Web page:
Big Carlos Pass Big Dig: Pass’ First-Ever Dredging

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    One of Estero Island’s most iconic waterways will soon receive its first-ever dredging in what officials hope will be a two-for-one project to save taxpayer dollars.

    “We open bids for the dredging of Big Carlos Pass and New Pass on Friday afternoon, January 6,” says Justin McBride, executive director of the West Coast Inland Navigation District (WCIND) that is in charge of the work. “We budgeted $2.5-million for both but hope one company wins the low bid because we may save money by keeping the equipment and crews in one area, as Big Carlos and New Passes are so close. Over 20 companies took out bid packets so we are optimistic.”

    Dredging will remove an estimated 66,000 cubic yards of sand and shell debris from New Pass, with an additional 64,000 cubic yards from Big Carlos. “That is really not that much when you consider the size of the channel,” explains Justin, “or you compare it with the Lovers Key renourishment from several years back that accounted for over 300,000 cubic yards. This 130,000 will replenish barrier island beaches that constantly erode. New Pass sand will go to Lovers Key, while Big Carlos will add to Fort Myers Beach, much of which the State defines as being in the critically-eroded zone.”

    Cranes, barges and underwater vacuums will remove sediment, sand and salt that over decades drifted into the channel, making it too shallow for large boats and even some recreational boats. Work on Big Carlos Pass is between Estero and Black Islands, while New Pass separates Lovers Key and Big Hickory Island. “These blockages are simply in places that are not good for navigation,” Justin said. “This is the first time in decades there will be dredging for New Pass and to our knowledge the initial one for Big Carlos Pass. This is at heart a safety issue; the channel is too narrow, too shallow and too dangerous, as at low tide it often gets as low as two feet from the bottom.”

    Shifting Sands

    Justin relates that “this is a coastal system and, as such, the beach changes every day, meaning the passes do as well. To boaters, however, it is essential to be able to pass through the sandbars. Lee County did a great job for a long time to keep the channel open but now boats have great difficulty moving through it. Water that originally formed the channel followed the flow that traditionally takes it out to the pass, but since the sand always shifts, the County constantly had to remark it to show the best route.”

    It took over 2-1/2 years to obtain all the paperwork to proceed. “We did the engineering well in advance, so we know exactly where to dredge,” Justin adds. “We are not doing this blindly, having already obtained the permits, so we can begin almost immediately once we choose the contractor. It takes so long to receive authorization because we must have the approval of the Army Corps of Engineers, and their process alone involves dozens of federal agencies all signing off in agreement.”

    Plans call for the dredging of sand from the Big Carlos Pass alone, as there is already deep water on each side of it, from Estero Bay and the Gulf of Mexico. “We will make a straight line connection through Big Carlos, as opposed to the current S-shape route that is especially troublesome for large vessels.” Engineers determined it would be more expensive, more troublesome, and less efficient to dredge the current route rather than simply digging out the channel straight between the two deep water resources.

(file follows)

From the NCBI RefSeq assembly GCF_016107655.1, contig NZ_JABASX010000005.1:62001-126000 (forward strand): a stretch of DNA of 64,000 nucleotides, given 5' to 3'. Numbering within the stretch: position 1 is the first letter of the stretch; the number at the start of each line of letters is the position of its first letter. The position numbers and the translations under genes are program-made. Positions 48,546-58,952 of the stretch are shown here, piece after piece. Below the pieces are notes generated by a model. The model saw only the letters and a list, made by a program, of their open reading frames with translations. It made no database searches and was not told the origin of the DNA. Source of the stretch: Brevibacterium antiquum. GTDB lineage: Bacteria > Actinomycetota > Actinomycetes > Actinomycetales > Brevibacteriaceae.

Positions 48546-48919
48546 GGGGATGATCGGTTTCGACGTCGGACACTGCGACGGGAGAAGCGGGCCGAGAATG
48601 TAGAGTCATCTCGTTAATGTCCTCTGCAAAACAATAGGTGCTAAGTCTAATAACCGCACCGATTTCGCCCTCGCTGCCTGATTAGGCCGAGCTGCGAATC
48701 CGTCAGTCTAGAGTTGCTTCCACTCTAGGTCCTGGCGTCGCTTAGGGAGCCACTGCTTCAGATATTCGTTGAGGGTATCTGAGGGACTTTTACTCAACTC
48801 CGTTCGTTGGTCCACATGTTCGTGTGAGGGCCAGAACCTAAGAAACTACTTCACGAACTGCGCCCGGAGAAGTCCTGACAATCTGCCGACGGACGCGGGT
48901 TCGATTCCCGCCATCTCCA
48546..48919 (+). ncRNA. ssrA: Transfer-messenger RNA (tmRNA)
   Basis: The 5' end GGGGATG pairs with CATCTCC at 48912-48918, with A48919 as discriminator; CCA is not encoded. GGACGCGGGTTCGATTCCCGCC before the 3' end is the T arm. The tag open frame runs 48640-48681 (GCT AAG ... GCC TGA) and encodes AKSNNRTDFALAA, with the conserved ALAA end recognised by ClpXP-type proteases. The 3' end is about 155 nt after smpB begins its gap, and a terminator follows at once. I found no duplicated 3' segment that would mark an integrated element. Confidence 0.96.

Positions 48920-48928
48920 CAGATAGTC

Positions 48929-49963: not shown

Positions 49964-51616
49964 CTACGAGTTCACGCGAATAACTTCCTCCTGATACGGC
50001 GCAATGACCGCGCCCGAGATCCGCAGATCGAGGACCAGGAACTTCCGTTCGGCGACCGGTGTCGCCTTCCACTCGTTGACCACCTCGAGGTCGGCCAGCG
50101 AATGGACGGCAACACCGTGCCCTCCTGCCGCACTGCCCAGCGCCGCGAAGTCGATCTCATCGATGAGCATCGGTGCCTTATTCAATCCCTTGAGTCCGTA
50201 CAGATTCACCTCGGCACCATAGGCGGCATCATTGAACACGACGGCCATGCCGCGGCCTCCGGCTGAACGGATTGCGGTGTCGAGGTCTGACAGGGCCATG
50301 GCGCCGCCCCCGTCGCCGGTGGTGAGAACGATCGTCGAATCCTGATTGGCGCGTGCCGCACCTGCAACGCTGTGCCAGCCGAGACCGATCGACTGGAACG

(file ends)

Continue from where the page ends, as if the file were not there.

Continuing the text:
A Great Idea!

    “We refer to this as ‘Advance Maintenance Dredging,’ says Justin. “In this method, crews dredge out more than we need because some of it will settle throughout the process, so when the channel is done we will still have more than enough room, and can go longer into the future between dredgings. It is a great idea!”

    The WCIND appreciates the invaluable assistance it received from the Gulf Coast delegation in Washington D.C., particularly Congressman Curt Clawson and Senator Bill Nelson, and credits Lee County commissioner and former Fort Myers Beach mayor Larry Kiker for leading the local effort. Justin will not know the estimated completion date until after the bid opening and meeting to negotiate with the eventual low-bid contractor as to when they can begin.

    WCIND is a multi-county special taxing authority, much like a mosquito control district, that covers over one million residents in Charlotte, Lee, Manatee and Sarasota Counties. These member agencies collaborate closely, to best benefit from the available resources afforded by this regional approach.

    The Florida Legislature established the WCIND in 1947 to compliment the United States Army Corps of Engineers with planning, construction and maintenance of the 152-mile, 100-foot-wide, 9-foot-deep Gulf Intercoastal Waterway (GICW) between the Anclote and Caloosahatchee Rivers. Over the decades its responsibilities expanded to include navigation projects, waterway research, erosion studies, environmental stewardship and restoration, inlet management, boating safety, abandoned vessel removal and the posting of channel markers and manatee protection speed enforcement zones, as well as cruising, sailing, fishing and eco-exploring activities. “We are a very active program,” exclaims Justin!

    The WCIND plays a pivotal role in waterway projects that promote safe navigation from the Gulf of Mexico through the GICW, while supporting boating, fishing, and beach-oriented projects. It helps county and local governments maintain and enhance public navigation channels and inlets, boating access facilities, waterfronts, parks, and pier and similar structures. For Big Carlos and New Pass dredging updates see www.wcind.net.

     

    Gary Mooney